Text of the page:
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Development of perovskite and Nb2O5 films aiming at the stability of perovskite solar cells

Grant number: 22/10998-8
Support Opportunities:Scholarships in Brazil - Post-Doctoral
Effective date (Start): October 01, 2022
Effective date (End): September 30, 2024
Field of knowledge:Physical Sciences and Mathematics - Physics - Condensed Matter Physics
Principal Investigator:Carlos Frederico de Oliveira Graeff
Grantee:Gabriel Leonardo Nogueira
Host Institution: Faculdade de Ciências (FC). Universidade Estadual Paulista (UNESP). Campus de Bauru. Bauru , SP, Brazil
Associated research grant:20/12356-8 - Stability optimization of perovskite solar cells, AP.TEM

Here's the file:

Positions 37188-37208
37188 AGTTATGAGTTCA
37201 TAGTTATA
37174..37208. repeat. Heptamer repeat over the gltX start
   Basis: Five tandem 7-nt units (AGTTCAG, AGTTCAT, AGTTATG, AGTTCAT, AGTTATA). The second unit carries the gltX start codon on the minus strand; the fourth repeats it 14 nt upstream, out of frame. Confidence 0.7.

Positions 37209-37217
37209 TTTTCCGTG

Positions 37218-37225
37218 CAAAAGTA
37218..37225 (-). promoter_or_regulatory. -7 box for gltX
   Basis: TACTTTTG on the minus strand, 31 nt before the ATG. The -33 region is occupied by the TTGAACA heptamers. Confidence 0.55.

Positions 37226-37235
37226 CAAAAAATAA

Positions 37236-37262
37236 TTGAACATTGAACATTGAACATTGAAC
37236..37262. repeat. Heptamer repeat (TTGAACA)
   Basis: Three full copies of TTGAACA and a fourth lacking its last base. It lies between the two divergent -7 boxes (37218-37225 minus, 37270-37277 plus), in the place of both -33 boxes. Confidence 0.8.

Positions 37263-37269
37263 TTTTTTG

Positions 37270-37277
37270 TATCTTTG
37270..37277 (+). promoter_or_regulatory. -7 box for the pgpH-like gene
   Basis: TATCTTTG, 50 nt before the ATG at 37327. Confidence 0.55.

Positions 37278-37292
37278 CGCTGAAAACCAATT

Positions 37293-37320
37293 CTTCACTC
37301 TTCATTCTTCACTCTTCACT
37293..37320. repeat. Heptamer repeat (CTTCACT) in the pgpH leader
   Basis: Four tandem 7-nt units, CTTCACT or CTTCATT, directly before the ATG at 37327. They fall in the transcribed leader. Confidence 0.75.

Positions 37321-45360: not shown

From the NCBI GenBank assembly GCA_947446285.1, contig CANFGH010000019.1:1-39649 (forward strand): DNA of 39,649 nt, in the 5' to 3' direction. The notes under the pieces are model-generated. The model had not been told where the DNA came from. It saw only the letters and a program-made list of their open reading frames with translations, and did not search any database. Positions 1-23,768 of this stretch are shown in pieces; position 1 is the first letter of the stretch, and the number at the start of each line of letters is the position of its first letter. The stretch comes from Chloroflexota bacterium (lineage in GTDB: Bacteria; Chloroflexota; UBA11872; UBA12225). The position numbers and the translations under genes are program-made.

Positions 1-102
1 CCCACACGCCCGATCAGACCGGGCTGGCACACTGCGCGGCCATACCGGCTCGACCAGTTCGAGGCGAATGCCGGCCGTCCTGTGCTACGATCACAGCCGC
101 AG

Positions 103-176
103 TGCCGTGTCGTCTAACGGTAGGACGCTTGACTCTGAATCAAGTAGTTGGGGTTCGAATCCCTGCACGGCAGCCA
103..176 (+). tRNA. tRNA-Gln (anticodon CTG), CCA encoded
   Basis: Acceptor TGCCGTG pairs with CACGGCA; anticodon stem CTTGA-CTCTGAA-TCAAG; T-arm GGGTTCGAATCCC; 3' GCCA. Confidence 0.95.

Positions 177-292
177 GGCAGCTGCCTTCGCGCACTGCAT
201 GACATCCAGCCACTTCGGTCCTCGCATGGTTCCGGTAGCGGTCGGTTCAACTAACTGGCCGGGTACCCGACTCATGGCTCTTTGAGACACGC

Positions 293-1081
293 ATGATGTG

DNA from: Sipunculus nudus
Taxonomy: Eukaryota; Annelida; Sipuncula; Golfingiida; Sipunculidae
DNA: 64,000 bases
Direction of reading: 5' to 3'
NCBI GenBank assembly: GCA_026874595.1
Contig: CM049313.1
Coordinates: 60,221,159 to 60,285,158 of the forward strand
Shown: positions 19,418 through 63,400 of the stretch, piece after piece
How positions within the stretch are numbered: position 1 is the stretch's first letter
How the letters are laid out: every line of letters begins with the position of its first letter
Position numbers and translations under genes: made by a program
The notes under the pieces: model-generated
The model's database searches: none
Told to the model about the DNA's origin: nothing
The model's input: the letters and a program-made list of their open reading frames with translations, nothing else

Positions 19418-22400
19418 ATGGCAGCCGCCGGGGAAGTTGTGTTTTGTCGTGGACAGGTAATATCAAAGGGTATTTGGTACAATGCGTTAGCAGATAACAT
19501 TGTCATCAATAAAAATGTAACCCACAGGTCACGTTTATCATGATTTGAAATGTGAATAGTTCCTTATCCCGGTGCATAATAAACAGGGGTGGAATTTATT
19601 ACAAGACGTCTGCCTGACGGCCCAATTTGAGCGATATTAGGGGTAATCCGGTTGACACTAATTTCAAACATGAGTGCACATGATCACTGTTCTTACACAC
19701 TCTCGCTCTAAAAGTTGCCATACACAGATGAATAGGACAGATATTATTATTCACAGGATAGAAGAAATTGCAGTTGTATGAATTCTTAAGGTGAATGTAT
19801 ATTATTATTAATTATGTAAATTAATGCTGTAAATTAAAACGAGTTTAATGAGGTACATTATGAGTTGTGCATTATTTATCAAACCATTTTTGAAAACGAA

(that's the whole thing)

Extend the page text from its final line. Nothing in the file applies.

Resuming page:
The advent of perovskite solar cells based on hybrid lead halide excited the photovoltaic community due to the efficient conversion of sunlight into electricity that already reached 25%. The unprecedented progress within a very short time and a notable performance and easy processability opened a new era in optoelectronic technologies. Although, there are instabilities in humidity conditions, air, heat, or long-term exposition to light, which are barriers to the development and commercialization of perovskite solar cells, preventing new applications and the reach of new benchmarks. Among the organic-inorganic hybrid lead halide compounds with organic cations, the methylammonium lead-iodide (CH3NH3PbI3) stands out. The low stability of these compounds can be related to the weak interaction between the lead halide structure and the organic cations, which results in water-soluble products. Therefore, a promisor approach is to replace the organic cations with inorganic ions that improve the stability of the perovskite structure. Outstanding results have been achieved with cesium (Cs), but potassium (K) remains less explored. Besides, other solar cell components, such as the electron (ETL) and hole transport layers (HTL), can affect the general device instabilities. For example, the use of titanium dioxide (TiO2) as ETL under UV light creates superoxide radicals and causes a perovskite decomposition. Here, the proposal is to reach an improved stability perovskite formation by the ion replacement and by assembling the solar cells using highly stable ETLs as niobium oxide (Nb2O5). Once the study of the basic working principles of perovskite solar cells is still delayed compared to its technical development, a better comprehension of the working mechanism of these materials will contribute to achieving reliable devices suitable for commercial applications.

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